Joshua Hedley released his debut album Mr. Jukebox in 2018 on Jack White's Third Man Records, a pairing that made a lot of sense; the album recalled the classic tear-in-my-beer country of artists like George Jones, Tammy Wynette, Jim Reeves, Conway Twitty and Loretta Lynn and fit right in with Jack White's love of vintage Americana. For its followup Neon Blue, Joshua moved to the venerable alt-country label New West Records, and the premise for this one is similar but a little different. "The last bastion of country music was the early 1990s, roughly 1989 through 1996," Joshua said in press materials for the new album. "You could turn on the radio and immediately know you’re hearing a country song. You could still hear steel guitar and fiddle. But there was a hard fork around 1996 or ‘97, when country veered off into pop territory. Neon Blue asks, What if that fork never happened? What if country kept on sounding like country?"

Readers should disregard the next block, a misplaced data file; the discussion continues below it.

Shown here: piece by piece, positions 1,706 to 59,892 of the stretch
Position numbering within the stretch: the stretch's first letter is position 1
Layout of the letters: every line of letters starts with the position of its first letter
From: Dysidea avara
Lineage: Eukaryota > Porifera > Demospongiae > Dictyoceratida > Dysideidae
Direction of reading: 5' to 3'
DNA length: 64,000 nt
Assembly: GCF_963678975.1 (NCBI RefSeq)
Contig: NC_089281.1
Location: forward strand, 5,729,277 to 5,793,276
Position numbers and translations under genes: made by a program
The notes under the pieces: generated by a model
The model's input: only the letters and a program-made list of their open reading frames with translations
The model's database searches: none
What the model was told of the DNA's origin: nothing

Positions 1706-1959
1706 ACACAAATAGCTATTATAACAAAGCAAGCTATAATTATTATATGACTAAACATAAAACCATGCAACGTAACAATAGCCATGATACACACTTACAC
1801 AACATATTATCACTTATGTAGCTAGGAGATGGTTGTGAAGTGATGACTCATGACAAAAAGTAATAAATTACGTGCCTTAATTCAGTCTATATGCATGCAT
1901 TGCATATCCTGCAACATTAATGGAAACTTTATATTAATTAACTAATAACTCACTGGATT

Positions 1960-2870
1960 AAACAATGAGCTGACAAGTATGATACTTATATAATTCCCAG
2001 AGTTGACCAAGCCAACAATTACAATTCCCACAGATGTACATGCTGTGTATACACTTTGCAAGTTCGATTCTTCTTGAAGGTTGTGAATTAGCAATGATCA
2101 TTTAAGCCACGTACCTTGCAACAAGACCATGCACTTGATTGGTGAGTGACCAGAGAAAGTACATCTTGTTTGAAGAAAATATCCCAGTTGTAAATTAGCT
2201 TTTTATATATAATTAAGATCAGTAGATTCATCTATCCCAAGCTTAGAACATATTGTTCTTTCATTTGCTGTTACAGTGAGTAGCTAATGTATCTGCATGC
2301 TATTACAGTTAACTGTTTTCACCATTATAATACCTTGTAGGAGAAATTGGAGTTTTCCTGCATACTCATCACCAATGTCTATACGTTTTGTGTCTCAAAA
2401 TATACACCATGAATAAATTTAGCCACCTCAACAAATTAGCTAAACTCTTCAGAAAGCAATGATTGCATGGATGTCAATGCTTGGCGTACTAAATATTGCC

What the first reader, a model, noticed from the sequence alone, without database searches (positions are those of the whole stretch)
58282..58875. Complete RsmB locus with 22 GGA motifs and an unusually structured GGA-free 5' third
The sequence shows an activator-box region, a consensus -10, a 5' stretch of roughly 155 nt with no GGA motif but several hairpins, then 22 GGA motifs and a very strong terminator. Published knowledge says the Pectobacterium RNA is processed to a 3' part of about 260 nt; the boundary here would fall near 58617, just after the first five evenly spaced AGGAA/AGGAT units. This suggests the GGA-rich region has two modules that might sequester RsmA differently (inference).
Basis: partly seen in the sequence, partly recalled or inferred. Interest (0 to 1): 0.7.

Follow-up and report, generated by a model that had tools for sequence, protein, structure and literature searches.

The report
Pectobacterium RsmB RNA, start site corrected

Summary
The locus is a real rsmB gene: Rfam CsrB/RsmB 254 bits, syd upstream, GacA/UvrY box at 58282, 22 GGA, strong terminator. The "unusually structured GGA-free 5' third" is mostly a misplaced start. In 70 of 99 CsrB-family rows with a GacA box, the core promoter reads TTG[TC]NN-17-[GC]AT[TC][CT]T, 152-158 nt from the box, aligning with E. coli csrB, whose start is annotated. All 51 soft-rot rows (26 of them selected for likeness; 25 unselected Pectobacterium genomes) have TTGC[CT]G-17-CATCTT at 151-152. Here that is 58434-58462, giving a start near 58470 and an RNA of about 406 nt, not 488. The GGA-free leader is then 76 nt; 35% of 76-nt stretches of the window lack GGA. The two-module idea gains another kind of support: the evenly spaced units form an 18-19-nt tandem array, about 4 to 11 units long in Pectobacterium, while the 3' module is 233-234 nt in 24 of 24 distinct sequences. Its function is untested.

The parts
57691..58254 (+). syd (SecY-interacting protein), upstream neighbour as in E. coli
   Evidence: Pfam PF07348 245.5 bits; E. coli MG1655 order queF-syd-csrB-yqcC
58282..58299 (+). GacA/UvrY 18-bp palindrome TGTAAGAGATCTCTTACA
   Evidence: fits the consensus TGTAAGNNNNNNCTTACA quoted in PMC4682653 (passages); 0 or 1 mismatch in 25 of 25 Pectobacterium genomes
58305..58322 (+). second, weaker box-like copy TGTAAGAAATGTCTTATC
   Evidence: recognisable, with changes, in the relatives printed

That is indeed exactly what Neon Blue does; it's an album that owes as much to those aforementioned '60s influences as it does to the "neotraditional country" of someone like Alan Jackson, and Joshua favors a modern production style that fits right in with the type of alt-country that New West is best known for. There's no denying how traditional and vintage much of the album sounds, but Joshua's goal of imagining an alternate future of country, rather than simply reviving the past, is tangible. He's also just a great songwriter whose songs would resonate no matter what year he released them. His lyrics are imagery-inducing, his voice is warm, his melodies stick, and when he incorporates the fiddle and steel guitar that he longed for, it falls directly in the pocket.
Overo - Waiting For The End To Begin